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United States Department of Agriculture

Agricultural Research Service

Title: Production and Nutritive Value of Orchardgrass Along a Gradient from Open Pasture to Woodland

Authors
item Belesky, David
item HALVORSON, JONATHAN
item Ruckle, Joyce
item Feldhake, Charles

Submitted to: American Society of Agronomy Meetings
Publication Type: Abstract Only
Publication Acceptance Date: August 11, 2002
Publication Date: November 10, 2002
Citation: Belesky, D.P., Halvorson, J.J., Ruckle, J.M., Feldhake, C.M. 2002. Production and nutritive value of orchardgrass along a gradient from open pasture to woodland. IN ASA-CSSA-SSSA-CSSS Abstracts 2002 [CD-ROM]. ASA, CSSA, and SSSA, Madison, WI.

Technical Abstract: Growing forages in wooded areas could extend the spatial and temporal boundaries of forage production. Microsite conditions influence plant morphology, physiology and rate of development, so production and composition may differ between open and shaded sites. We quantified growth and nutritive value of orchardgrass (Dactylis glomerata L.) grown in pots in unobstructed canopy (open grassland), forest edge (partial shade transition) and oak (Quercus sp.) woodland (heavy shading) to develop management practices for components of silvopastoral systems in the humid eastern US. Orchardgrass plants were clipped each time canopies reached 20 cm. Shoot and root mass declined as shading increased; however, the shoot:root ratio of plants in open and wooded (90% light attenuation) sites were similar. Plants from transitional sites (30 to 60% light attenuation) had greater shoot:root ratios, relative to open or wooded sites, but varied little with time. Tiller appearance was 14% greater in transition and 18% less in wooded compared to the open site. Relative growth rate was 55% greater, nitrates six times greater and nonstructural carbohydrates five times less in plants grown in the wooded compared to open site. Shifting resource allocation and use efficiency in plants grown in heavily shaded conditions compromises production and ultimately persistence. Energy and protein content of the shade-grown forage may not satisfy the nutritional needs of grazing livestock; however, partial shade might sustain persistence suggesting partial clearing of wooded areas will be beneficial.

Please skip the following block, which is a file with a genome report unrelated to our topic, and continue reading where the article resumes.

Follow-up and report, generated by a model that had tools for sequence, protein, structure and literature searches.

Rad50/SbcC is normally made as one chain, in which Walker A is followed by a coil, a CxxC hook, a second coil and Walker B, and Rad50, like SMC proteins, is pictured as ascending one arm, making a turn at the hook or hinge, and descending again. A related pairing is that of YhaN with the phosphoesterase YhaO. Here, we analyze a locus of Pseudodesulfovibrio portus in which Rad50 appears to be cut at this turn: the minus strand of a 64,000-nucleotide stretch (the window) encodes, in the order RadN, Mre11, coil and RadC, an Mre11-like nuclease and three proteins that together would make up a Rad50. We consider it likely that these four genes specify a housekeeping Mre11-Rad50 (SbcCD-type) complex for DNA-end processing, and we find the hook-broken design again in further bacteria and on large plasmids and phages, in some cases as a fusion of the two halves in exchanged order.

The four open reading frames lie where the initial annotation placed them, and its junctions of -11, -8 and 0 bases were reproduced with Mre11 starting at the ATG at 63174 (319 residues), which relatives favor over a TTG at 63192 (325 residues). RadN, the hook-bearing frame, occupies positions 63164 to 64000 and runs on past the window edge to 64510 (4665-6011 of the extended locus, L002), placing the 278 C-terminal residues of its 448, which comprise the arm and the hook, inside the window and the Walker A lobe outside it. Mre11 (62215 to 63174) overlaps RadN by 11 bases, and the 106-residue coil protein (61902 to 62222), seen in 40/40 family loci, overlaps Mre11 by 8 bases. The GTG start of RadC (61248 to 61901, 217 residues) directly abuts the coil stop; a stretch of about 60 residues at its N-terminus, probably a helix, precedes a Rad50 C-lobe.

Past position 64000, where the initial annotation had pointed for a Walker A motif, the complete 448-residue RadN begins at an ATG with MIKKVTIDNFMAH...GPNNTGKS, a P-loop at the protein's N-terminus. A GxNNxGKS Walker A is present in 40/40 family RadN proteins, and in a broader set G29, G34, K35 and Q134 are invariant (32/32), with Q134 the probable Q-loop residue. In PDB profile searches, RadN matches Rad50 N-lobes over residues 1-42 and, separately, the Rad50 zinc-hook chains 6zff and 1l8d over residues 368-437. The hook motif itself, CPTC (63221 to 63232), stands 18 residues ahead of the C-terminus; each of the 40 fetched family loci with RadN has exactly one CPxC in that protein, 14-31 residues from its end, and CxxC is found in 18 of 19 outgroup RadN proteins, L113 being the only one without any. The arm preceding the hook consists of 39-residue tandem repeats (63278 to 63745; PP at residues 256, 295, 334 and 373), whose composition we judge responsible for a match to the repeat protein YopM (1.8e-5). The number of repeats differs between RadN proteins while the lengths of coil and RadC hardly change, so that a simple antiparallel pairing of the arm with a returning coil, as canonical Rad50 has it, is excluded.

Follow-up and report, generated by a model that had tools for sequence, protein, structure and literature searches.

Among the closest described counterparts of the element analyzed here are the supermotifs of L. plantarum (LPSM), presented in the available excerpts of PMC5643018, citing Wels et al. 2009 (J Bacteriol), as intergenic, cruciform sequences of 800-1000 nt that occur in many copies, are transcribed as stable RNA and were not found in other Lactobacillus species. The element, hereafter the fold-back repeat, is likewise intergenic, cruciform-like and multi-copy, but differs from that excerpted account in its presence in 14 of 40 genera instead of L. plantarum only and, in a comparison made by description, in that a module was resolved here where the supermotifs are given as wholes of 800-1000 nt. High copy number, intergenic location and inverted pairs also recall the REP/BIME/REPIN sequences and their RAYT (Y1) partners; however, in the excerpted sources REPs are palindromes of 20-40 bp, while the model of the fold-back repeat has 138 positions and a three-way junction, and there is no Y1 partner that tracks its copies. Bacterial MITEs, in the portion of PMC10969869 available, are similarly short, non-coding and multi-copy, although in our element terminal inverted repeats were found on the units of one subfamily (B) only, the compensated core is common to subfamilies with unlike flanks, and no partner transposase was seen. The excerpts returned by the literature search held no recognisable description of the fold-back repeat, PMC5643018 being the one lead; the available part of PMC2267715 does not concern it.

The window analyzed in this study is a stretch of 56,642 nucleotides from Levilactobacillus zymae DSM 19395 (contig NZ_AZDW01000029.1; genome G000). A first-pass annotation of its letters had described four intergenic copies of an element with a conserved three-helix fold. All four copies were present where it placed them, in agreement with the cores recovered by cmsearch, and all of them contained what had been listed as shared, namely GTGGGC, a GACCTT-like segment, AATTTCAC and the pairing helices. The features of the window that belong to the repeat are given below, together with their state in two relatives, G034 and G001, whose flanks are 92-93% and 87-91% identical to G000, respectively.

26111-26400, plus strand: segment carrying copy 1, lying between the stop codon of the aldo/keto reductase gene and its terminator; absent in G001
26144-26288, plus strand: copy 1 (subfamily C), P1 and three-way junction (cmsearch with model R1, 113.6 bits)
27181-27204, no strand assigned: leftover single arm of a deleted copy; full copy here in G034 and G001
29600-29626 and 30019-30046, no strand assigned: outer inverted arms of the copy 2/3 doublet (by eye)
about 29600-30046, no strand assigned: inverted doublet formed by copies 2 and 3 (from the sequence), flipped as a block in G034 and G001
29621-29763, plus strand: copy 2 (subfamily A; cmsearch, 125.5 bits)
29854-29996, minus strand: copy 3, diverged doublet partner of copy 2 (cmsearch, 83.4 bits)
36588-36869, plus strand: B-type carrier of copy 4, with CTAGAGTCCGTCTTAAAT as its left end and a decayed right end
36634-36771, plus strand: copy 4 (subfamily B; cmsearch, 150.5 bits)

Last Modified: 9/29/2014
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